Friday, September 21, 2007

Captive Labor Pittsburgh

As we get closer to election time, politicians beat the brain drain drum more frequently. Ironically, at least from the Pittsburgh perspective, the resulting crisis is a tight labor market in states such as New Hampshire:

Michael Power of the state Workforce Opportunity Council, said the state does not have an unemployment problem, but rather a labor shortage. Employers are looking for educated and skilled workers. On its website,, the state provides a job match program, a list of training centers and educational facilities.

If Pittsburgh is experiencing brain drain, where is the local coverage detailing a similar problem with unfilled positions? On the contrary, the story is about people leaving the region because they can't find good employment. Pittsburgh is struggling to create enough jobs in order to meet the demand to live there.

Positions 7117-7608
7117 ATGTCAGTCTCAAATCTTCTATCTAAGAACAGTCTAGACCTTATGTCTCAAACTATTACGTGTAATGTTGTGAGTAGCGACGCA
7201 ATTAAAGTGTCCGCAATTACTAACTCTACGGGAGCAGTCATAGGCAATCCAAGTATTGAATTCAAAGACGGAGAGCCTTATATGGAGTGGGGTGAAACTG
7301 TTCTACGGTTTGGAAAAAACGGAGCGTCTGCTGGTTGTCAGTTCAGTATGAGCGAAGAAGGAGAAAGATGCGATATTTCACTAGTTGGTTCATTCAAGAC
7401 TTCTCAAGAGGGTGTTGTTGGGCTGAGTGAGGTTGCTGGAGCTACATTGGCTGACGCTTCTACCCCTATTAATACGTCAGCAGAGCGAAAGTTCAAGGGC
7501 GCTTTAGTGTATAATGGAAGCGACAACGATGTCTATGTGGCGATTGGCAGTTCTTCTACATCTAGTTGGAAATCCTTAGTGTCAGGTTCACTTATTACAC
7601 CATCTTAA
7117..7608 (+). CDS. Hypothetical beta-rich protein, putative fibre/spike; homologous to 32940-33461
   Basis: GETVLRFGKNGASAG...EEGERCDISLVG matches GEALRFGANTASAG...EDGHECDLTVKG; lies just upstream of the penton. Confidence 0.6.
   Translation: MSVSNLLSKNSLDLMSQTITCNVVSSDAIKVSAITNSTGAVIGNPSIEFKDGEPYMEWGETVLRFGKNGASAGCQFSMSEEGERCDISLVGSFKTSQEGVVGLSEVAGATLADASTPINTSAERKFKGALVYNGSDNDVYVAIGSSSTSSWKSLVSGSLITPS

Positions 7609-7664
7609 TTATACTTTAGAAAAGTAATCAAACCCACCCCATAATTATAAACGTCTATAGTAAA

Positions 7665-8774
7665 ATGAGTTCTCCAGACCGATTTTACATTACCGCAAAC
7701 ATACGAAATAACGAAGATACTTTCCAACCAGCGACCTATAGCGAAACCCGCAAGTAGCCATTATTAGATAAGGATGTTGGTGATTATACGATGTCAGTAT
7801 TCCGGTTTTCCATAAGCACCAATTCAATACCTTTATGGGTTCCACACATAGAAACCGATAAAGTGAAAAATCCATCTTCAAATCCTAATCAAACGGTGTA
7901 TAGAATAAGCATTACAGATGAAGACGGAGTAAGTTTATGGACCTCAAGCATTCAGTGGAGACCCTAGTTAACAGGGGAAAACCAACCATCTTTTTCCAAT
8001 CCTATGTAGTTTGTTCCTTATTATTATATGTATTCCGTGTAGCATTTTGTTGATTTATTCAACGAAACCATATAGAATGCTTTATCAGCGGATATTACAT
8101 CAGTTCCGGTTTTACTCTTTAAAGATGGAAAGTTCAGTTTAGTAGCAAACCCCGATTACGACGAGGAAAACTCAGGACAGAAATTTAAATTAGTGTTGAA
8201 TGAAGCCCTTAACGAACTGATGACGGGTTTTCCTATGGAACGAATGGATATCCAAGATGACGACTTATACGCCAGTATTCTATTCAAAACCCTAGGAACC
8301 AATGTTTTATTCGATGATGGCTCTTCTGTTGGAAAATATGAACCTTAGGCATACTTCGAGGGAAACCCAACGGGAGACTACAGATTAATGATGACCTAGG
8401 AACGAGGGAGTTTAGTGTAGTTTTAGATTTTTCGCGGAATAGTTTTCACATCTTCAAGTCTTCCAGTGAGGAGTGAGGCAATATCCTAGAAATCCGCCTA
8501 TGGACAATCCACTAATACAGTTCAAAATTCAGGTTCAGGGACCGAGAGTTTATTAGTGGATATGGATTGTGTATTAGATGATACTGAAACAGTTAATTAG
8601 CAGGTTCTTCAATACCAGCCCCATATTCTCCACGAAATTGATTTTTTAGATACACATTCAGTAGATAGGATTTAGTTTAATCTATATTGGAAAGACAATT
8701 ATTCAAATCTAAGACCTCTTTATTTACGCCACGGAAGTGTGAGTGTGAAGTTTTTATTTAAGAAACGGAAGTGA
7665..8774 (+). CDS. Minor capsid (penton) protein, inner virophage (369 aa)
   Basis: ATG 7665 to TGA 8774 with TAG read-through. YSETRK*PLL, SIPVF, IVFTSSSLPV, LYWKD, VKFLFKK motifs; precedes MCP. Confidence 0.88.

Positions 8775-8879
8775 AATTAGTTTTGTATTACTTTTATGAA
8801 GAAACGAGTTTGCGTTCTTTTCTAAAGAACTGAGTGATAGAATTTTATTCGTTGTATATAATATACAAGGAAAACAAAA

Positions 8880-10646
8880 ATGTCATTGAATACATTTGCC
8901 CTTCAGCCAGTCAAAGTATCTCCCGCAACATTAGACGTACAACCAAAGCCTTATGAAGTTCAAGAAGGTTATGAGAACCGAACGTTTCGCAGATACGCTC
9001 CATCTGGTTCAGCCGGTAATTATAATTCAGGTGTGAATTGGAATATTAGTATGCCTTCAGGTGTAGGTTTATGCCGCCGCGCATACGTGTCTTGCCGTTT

The New Hampshire case makes plain the trouble with retaining talent that graduates locally. What the policymakers in that state should do is target places such as Pittsburgh (like what Utah is doing) where there is a glut of labor. Actually, I don't know if there are any other Pittsburghs out there in terms of an over-supply of workers that results in depressed wages.

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